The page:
Since CHWs are not typically compensated, we had no direct way of valuing the added-value services they provide. Hence, assumptions about the intrinsic value of this work were made. We felt that the work of a CHW was commensurate with a public health officer, and learned the average monthly wage of that cadre of health workers is USD$ 124 per month. This figure is commensurate with the average wage suggested by clinicians in semistructured interviews (see Results), and we felt would be a good starting point by which to value the CHWs’ added-value services. This wage was multiplied by the time each CHW spent performing added-value tasks to arrive at a valuation of these services. All analyses were conducted using Microsoft Excel.
A model clinic was created to examine the effects of shifting various tasks from clinicians to CHWs on the time demands of clinicians and CHWs. Figure 1 depicts the progression of patients through a clinic visit and highlights some services patients may require.
The model was created using Microsoft Excel with the following primary inputs: 1) number of patients seen each day at the clinic, 2) number of patients seen each day by one clinician, 3) the proportion of patients requiring a service, and 4) the amount of time to complete each service. Patient volumes were derived from interviews with clinicians. Table 2 outlines all of the inputs for model assumptions, which were based on the authors’ clinical experience working in Kenyan health facilities.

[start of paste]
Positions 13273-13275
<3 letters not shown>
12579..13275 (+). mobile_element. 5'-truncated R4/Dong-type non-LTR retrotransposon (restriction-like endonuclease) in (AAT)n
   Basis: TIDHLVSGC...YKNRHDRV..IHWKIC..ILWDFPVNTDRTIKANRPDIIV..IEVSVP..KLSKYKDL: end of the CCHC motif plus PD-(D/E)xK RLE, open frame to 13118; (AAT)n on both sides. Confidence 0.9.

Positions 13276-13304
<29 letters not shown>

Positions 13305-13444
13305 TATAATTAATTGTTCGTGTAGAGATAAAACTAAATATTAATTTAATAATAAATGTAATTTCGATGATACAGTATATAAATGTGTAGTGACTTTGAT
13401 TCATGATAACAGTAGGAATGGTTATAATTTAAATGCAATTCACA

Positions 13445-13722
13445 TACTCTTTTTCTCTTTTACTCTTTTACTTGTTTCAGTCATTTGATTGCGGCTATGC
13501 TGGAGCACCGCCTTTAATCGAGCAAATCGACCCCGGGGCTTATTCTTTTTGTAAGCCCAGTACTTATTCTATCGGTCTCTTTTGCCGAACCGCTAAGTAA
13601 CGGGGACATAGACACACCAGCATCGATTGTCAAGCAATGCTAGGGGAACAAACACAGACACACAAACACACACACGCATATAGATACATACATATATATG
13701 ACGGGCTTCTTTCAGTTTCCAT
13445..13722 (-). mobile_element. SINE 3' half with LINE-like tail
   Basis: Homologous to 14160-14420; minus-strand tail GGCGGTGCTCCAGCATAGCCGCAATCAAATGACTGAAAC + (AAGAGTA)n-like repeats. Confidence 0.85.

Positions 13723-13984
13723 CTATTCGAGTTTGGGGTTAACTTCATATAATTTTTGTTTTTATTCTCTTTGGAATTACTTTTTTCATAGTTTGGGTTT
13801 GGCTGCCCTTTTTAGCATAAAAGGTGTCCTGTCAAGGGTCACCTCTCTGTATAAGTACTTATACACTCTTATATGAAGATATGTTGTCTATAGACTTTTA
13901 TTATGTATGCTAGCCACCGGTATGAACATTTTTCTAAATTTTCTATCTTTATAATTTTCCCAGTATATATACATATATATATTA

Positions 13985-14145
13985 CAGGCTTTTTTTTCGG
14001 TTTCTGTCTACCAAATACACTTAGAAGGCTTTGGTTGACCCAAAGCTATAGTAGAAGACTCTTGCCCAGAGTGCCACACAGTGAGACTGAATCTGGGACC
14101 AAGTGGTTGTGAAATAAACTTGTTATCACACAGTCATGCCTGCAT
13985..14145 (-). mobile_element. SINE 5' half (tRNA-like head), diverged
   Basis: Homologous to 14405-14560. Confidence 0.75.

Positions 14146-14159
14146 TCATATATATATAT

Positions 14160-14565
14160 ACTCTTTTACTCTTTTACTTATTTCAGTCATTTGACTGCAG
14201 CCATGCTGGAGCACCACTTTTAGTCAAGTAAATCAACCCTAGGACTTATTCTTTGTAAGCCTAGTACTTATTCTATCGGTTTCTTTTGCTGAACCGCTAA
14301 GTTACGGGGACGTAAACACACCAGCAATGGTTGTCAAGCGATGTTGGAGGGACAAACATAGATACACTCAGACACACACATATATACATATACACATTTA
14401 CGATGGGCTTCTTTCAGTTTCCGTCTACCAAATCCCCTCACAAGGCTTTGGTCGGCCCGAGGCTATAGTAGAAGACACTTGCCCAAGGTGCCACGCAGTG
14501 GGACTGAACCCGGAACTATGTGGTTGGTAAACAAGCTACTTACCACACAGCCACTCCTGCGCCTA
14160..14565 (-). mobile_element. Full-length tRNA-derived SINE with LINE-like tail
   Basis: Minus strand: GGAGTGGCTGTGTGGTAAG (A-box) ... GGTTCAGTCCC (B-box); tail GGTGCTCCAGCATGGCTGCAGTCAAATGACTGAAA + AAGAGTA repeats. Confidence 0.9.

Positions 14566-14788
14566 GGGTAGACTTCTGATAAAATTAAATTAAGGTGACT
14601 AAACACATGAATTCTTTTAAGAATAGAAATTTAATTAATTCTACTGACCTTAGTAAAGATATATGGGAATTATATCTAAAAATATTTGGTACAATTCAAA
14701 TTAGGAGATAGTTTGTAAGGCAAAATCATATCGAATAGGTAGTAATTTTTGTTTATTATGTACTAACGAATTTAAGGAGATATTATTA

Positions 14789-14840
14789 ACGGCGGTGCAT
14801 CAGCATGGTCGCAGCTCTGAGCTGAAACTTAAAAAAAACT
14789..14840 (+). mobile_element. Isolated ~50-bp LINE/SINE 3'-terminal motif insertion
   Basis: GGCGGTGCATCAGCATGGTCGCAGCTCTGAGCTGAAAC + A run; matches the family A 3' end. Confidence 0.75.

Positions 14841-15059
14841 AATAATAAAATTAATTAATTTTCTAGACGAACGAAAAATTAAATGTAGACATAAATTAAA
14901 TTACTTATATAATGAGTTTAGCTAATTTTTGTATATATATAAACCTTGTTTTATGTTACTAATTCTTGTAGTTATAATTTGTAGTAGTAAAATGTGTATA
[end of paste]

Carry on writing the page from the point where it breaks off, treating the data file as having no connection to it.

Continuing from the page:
A determination was then made for each service based on the information from clinician and CHW interviews regarding which cadre currently performs the service and which cadre would ideally perform it so as to best utilize health worker skills (Table 2). The main tasks targeted for task shifting are denoted by ‘*’ in Table 1.
The time demands for CHWs and clinicians were then calculated for these ‘current’ and ‘idealized’ task allocation scenarios. A sensitivity analysis was performed in which the amount of time required for each cadre to complete a service was varied by a factor of two to determine the effects of these assumptions in the model.